Mas des Capitelles

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Mas des Capitelles began in 1999, when ninth-generation vigneron Jean Laugé began bottling his own wine after a lengthy stint at the local co-operative, where his father—a driving force in the creation of the Faugères appellation in the early 1980s—had served as president. Encouraged by his sons Brice and Cédric who had recently joined the family enterprise, Jean adopted organic viticultural practices, achieving Ecocert certification with the 2011 vintage. More recently, biodynamic preparations have also been incorporated—or, perhaps better, re-incorporated, as these ancestral methods were surely known by the long line of Laugés who worked this land in bygone generations.

  Today, Mas des Capitelles encompasses 30 hectares of mostly very old plantings on south-facing hillsides of pure schist. This acidic and well-draining soil, in the dry climate of Faugères, results in miserly yields—typically 20 to 30 hectoliters per hectare at Mas des Capitelles—and can impart a certain bare-knuckled intensity to wines born from it. However, the moderating influences of high altitudes (250 to 280 meters, making for relatively cool nights) and cooling winds blowing down from the Massif Central keep the wines from feeling gloppy or overly heat-marked. The domaine’s two most important varieties, Carignan and Mourvèdre, thrive in these cruelly poor soils and enjoy the relatively lengthy hang time they need to fully express themselves, and the sidemen Syrah and Grenache achieve intense spiciness without becoming outlandishly ripe. Aside from a small handful of younger plantings, the Laugés’ vines range from 40 to 100 years old, and are trained low to the ground in the ancient gobelet (bush-vine) manner—a practice which serves to further limit yields and thereby maximize expressiveness in the resulting fruit, and which of course makes machine harvesting impossible.

The Laugés work thoughtfully and naturally in the cellar, aiming to harness the power of their terroir without exaggerating it. Fermentations happen spontaneously, in various types of neutral vessels (fiberglass, enameled tank), and semi-carbonic maceration is used in small proportions on a case-by-case basis to contribute freshness and moderate the tannins’ natural ferocity. They favor long macerations of 30 days or more, employing barrels judiciously and adjusting proportions of oak in the elevage based on the fruit in front of them rather than on a recipe. Even the domaine’s most basic wine sees two full winters of aging, and the rest of the lineup spends at least 24 months in cask. Filtration is avoided entirely, and sulfur is employed in as minimal of a dose as possible; the resulting wines soar with energy even as their flavors are anchored in the dust and spice of this assertive terroir.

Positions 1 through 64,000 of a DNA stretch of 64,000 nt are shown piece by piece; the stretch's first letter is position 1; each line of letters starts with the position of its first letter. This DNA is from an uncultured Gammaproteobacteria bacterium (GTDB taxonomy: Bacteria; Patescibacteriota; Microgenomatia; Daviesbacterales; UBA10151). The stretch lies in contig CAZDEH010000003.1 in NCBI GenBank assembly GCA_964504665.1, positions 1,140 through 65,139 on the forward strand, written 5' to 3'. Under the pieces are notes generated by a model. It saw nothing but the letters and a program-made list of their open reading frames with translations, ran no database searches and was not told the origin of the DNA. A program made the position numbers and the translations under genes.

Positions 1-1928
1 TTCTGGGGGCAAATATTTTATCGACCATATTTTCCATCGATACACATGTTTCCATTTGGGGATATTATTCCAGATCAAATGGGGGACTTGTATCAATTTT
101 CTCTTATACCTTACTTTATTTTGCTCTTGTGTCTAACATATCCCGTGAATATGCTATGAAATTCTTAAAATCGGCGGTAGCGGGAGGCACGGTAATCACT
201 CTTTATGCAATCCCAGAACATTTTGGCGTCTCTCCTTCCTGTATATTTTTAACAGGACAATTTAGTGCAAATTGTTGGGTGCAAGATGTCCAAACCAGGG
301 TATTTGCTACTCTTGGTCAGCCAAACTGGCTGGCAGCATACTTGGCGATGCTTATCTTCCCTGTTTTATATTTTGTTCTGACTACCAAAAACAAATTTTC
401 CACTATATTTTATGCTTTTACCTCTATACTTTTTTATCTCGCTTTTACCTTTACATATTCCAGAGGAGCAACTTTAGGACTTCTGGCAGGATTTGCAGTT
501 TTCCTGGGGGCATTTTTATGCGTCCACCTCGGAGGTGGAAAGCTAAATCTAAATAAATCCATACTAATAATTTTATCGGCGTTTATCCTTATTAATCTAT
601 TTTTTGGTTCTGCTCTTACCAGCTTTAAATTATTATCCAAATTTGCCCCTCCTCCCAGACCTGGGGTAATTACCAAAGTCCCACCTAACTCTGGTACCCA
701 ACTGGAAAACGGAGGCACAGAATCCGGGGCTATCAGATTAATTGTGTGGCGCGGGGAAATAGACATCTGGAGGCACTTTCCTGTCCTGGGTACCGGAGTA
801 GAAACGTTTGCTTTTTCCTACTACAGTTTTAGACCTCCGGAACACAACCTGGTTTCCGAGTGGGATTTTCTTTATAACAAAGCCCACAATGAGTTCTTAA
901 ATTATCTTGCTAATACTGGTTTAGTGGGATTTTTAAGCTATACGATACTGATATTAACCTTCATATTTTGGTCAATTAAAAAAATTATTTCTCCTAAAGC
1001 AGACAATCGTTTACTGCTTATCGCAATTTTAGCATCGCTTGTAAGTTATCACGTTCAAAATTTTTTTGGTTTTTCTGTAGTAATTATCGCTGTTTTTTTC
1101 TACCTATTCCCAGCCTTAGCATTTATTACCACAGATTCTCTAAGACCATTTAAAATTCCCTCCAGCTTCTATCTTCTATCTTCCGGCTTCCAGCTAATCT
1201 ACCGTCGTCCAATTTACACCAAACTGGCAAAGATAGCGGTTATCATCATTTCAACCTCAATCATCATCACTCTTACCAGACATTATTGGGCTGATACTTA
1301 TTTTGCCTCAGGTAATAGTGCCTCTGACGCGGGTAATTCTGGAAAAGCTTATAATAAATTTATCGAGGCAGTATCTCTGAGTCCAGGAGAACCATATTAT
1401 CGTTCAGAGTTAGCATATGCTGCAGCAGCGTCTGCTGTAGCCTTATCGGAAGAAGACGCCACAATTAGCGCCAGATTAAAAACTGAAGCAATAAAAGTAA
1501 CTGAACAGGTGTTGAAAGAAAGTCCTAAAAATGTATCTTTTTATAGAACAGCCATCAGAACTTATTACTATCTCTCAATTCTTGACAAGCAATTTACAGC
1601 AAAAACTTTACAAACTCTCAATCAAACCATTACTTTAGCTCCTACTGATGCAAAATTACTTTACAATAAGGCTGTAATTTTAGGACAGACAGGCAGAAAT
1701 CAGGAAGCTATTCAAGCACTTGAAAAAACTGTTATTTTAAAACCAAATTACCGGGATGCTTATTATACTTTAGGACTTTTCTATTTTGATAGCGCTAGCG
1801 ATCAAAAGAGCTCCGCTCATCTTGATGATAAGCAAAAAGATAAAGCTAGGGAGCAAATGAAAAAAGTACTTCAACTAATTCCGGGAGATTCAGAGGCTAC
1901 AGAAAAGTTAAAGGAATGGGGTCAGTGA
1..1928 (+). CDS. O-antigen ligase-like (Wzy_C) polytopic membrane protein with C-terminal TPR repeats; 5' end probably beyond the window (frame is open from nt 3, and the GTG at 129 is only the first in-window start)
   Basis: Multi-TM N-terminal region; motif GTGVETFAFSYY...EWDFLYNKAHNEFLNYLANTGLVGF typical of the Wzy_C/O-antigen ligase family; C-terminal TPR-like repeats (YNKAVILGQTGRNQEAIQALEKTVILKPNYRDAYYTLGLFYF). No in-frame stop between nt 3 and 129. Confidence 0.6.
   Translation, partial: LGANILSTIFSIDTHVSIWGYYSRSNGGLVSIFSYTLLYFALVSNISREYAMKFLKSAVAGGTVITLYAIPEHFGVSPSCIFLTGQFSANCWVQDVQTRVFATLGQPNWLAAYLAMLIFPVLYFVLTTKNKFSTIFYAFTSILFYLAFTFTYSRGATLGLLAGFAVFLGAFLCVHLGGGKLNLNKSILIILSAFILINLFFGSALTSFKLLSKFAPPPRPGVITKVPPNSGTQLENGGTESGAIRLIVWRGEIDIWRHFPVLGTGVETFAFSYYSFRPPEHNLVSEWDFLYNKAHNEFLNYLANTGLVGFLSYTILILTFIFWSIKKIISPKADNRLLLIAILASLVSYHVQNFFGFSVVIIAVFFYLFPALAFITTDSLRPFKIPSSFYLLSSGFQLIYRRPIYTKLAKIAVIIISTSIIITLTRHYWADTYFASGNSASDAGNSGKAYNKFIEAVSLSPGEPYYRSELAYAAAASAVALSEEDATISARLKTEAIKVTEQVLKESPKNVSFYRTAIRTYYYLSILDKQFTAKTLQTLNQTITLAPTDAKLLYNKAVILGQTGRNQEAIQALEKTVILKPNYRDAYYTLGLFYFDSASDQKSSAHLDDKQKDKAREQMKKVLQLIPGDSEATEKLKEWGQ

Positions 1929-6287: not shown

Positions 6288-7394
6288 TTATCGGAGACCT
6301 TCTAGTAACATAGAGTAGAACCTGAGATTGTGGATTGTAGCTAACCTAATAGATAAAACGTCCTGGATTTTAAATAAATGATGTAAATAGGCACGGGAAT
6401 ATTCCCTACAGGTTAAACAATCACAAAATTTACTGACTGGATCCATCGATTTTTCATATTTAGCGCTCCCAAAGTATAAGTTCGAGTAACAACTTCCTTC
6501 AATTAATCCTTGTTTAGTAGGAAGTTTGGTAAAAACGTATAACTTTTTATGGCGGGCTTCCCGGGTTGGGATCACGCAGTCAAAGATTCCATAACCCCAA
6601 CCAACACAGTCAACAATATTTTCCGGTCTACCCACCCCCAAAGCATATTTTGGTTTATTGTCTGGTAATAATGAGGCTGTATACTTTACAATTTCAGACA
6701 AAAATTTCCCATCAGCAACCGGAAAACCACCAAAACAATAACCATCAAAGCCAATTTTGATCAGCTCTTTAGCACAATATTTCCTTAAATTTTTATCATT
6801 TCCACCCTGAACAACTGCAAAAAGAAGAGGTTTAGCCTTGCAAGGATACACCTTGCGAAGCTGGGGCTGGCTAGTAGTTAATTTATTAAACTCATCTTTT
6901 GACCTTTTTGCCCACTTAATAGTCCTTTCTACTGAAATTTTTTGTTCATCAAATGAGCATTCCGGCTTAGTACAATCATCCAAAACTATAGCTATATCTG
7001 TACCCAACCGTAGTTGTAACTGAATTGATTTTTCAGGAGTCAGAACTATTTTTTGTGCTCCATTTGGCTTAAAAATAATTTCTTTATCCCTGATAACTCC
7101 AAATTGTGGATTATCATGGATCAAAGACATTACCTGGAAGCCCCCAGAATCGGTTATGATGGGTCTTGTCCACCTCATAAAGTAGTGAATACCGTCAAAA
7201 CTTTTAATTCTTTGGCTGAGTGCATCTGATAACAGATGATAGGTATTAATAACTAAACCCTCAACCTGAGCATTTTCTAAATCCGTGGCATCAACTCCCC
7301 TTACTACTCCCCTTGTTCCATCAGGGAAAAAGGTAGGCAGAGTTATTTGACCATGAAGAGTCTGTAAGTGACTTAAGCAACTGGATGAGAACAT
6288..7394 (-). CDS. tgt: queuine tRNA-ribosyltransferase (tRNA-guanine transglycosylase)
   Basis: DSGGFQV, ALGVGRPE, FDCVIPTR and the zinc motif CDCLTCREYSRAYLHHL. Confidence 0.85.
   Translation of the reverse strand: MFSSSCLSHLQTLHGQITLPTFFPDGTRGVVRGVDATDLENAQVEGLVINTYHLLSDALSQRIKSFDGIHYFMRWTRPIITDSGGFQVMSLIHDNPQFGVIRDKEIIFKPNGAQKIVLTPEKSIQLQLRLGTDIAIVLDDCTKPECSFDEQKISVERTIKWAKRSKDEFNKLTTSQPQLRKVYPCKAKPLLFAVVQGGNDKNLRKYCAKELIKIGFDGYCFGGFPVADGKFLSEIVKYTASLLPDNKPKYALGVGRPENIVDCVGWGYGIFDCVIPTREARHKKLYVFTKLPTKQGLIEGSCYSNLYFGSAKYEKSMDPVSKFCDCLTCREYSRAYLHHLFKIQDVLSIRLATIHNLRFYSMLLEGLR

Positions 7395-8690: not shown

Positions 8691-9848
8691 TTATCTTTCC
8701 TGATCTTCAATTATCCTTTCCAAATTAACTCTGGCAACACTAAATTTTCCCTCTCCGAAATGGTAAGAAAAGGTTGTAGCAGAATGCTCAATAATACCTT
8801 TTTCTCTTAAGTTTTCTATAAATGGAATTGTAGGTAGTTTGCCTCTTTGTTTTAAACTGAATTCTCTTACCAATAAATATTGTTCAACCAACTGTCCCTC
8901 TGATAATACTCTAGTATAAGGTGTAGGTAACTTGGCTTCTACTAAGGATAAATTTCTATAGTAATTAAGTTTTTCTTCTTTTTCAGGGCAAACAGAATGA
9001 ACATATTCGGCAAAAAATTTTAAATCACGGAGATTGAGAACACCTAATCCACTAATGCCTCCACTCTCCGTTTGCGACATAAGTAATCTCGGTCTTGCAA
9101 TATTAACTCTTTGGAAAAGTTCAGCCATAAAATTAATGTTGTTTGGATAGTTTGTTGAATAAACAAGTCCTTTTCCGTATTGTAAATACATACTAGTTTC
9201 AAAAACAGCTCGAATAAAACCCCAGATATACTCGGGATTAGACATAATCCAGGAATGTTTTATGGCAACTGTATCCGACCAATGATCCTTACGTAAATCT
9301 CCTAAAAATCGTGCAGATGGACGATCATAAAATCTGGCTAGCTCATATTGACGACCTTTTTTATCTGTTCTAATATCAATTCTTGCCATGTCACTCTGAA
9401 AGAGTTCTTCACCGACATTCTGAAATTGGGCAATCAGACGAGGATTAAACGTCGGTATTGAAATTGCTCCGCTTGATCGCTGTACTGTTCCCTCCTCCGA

Faugères “Vieilles Vignes”:  Mas des Capitelles’ workhorse “Vieilles Vignes” is built on the backs of Mourvèdre (50%) and Carignan (25%) from vines up to 80 years old, with Syrah (25%) completing the blend. After a 30-day maceration with a small proportion of semi-carbonic whole clusters in the fermentation, one-fifth of the cuvée was aged in oak and four-fifths in fiberglass and enamel vats, with bottling taking place after 14 months. An exuberant nose of blueberries, violets, and warm dust evokes the sun-scorched slopes of the appellation in visceral fashion, and the palate sizzles with an almost spiky minerality, framed by rich but firm blue and black fruits. The balance of refinement and wildness is extraordinary, with neither trait calling too much attention to itself.

Faugères “Vintage”: Mas des Capitelles’ “Vintage” bottling showcases some of their extremely old Carignan plantings, with 40% of the blend coming from 80-year-old Carignan, and 30% each from Mourvèdre and Grenache. After a month-long maceration with a small proportion of semi-carbonically-fermented whole clusters, “Vintage” spends 24 months aging 80% in used French oak, with the remainder—Grenache exclusively, which takes less kindly to barrel—in fiberglass and enamel vats. Here, a ripe, softly brooding nose presents a tug-of-war between herby earth tones and velvety dark-red and black fruit, and the palate, while substantially structured, buffers its tannins politely but not ingratiatingly. This is consciously released after a few years of bottle age and will benefit from even more.

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